Mark Twain once said, "The lack of money is the root of all evil," and boy oh boy can that be interpreted more than one way. On the one hand, it could be a scathing indictment of how some view poverty, like it's a contagious disease instead of what it really is: a symptom of larger issues. On the other, this statement is also an acknowledgement of what it's like existing in a capitalist society. Less money equals more problems (no offense to the Notorious B.I.G. who said otherwise).
Anyone who says money can't solve problems has clearly always had money. It certainly makes life easier. For one man who took to Reddit to air his financial woes, a lack of money has led him to establish some rather unorthodox family rules. And when his 15-year-old son wasn't following them, he suggested the kid get a job if he wants better food and clothing. Is this a reality check or a reality TV show? Here's the scoop.
Is this a child labor of love?
In a Reddit post that has since been removed due to its confusing spam filters that don't seem to catch racist subreddits, an exhausted father was genuinely concerned that he was being too hard on his son. The single dad has 18- and 17 year-old sons from a previous relationship, as well as three younger boys (15, 13, and 11) with his late wife.
The older boys have jobs and are able to buy their own food and clothing but his 15-year-old, who he calls Jack, does not. While the dad has no issue with Jack's lack of teenage employment, it is a significant piece to this puzzle.
"We're not badly off but I'm far from wealthy, and with five kids in the house I have to budget carefully," says the dad. "I can only buy but so much food and so many clothes, and the rule is unless you have your own money you have to accept what's there and that's it or there won't be enough to go around." This seems more than fair considering he's going about this on his own.
Unfortunately, Jack has had a couple of jobs but hasn't been able to hold onto them. His issues with the status quo stem from two places. One is deeply rooted in the horrors that come with being in high school and on social media in particular. By this I mean, Jack is comparing himself to his friends, which is normal. He complains to his dad that his clothes are both too small and uncool. Plus, he can't eat out at fancy restaurants like his friends.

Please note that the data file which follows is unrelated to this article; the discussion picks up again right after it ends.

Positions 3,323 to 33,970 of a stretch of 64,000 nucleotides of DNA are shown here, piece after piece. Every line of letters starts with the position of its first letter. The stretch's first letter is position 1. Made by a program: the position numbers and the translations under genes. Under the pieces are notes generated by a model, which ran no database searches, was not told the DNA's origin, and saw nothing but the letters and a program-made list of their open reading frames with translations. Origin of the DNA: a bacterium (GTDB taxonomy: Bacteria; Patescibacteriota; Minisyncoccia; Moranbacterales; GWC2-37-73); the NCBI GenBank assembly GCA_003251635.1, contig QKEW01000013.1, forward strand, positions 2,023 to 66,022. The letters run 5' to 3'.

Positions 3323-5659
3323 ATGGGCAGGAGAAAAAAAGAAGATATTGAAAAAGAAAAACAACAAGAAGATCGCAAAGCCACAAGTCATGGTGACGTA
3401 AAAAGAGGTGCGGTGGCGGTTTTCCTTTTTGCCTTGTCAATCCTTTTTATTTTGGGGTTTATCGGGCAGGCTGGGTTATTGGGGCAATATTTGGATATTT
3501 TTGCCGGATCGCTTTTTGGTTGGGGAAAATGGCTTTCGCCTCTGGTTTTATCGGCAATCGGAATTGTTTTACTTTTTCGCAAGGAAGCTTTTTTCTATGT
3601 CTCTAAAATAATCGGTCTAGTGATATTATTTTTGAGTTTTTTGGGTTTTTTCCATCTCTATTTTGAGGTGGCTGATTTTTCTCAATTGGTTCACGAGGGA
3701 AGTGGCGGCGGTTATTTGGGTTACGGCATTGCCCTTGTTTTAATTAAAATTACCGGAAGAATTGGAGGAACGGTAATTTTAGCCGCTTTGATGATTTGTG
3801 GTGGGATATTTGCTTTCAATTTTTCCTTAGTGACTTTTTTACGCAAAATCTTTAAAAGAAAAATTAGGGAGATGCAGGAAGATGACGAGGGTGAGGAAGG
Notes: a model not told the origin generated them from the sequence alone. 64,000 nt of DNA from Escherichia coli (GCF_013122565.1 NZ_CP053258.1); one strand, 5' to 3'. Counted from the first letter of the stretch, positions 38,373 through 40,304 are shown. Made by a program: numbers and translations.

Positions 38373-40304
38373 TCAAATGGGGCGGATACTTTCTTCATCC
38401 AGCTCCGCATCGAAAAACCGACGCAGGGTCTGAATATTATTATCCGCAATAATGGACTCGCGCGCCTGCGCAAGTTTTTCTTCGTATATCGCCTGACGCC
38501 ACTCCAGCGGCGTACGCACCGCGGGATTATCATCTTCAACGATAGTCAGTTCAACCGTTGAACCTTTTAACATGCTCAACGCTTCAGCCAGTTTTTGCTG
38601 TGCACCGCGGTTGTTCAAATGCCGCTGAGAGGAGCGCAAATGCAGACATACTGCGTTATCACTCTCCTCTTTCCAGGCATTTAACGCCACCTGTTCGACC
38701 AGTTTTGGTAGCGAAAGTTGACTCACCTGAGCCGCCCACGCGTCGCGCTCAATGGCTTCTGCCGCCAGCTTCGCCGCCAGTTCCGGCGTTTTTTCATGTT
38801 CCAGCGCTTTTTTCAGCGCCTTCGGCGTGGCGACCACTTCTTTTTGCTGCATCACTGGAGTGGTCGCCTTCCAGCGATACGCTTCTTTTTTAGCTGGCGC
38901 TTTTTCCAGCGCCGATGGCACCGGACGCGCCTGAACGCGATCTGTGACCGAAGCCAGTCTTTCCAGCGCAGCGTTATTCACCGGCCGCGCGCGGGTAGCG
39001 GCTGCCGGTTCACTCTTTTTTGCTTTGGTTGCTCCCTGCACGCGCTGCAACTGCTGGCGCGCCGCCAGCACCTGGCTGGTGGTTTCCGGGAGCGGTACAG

Jack's dad is very sympathetic to these grievances because he "grew up less fortunate than my friends as well and I hated it," but points out the obvious by saying he can't change this. Basically he's doing his best. The other hiccup in this scenario is what Jack is doing at home. When the younger boys couldn't find the family peanut butter, they found that Jack ate it all. That shouldn't be a problem though.
It sounds as if the peanut butter is fair game as it belongs to the whole family. The real trouble comes with the reveal that Jack has been stealing food from his older brothers. "I told Jack he was way old enough to know stealing is wrong and that he can't eat food that his little brothers need," writes the dad. Jack's response was to ask if he should resort to eating out of garbage cans.
The comments from Reddit users were as divided as a jar of natural peanut butter.
The dad's final word was to let Jack know that if he "wants to buy fancy foods and snacks he's going to have to get a job and pay for them himself." The responses were all over the place. Folks really got lost in the weeds when it came to who the peanut butter actually belonged to, and was it OK for Jack to eat the peanut butter?
More than one person accused this man of starving his children and even suggested he shouldn't have had them to which the dad pointed out, it's too late for that now. I think the real problem here is not what Jack did, but the system Jack is working in.
The father inadvertently established a caste system within his own family. Within, there are the haves and the have-nots. It makes sense that kids should pay for extra things, like nicer clothes, with their own money. Food, however, is a different story.
Everyone with a job should pitch in for a family food fund that the whole family will have access to. As of now, the kids are living in a college dorm/roommate situation, where I assume food is labeled and kept track of. It really fosters in-fighting and jealousy. I think the dad should establish a family food fund that he asks his kids to contribute to with part of their paychecks. The rest can be used for whatever they want. This will also help Jack feel less resentful toward his family.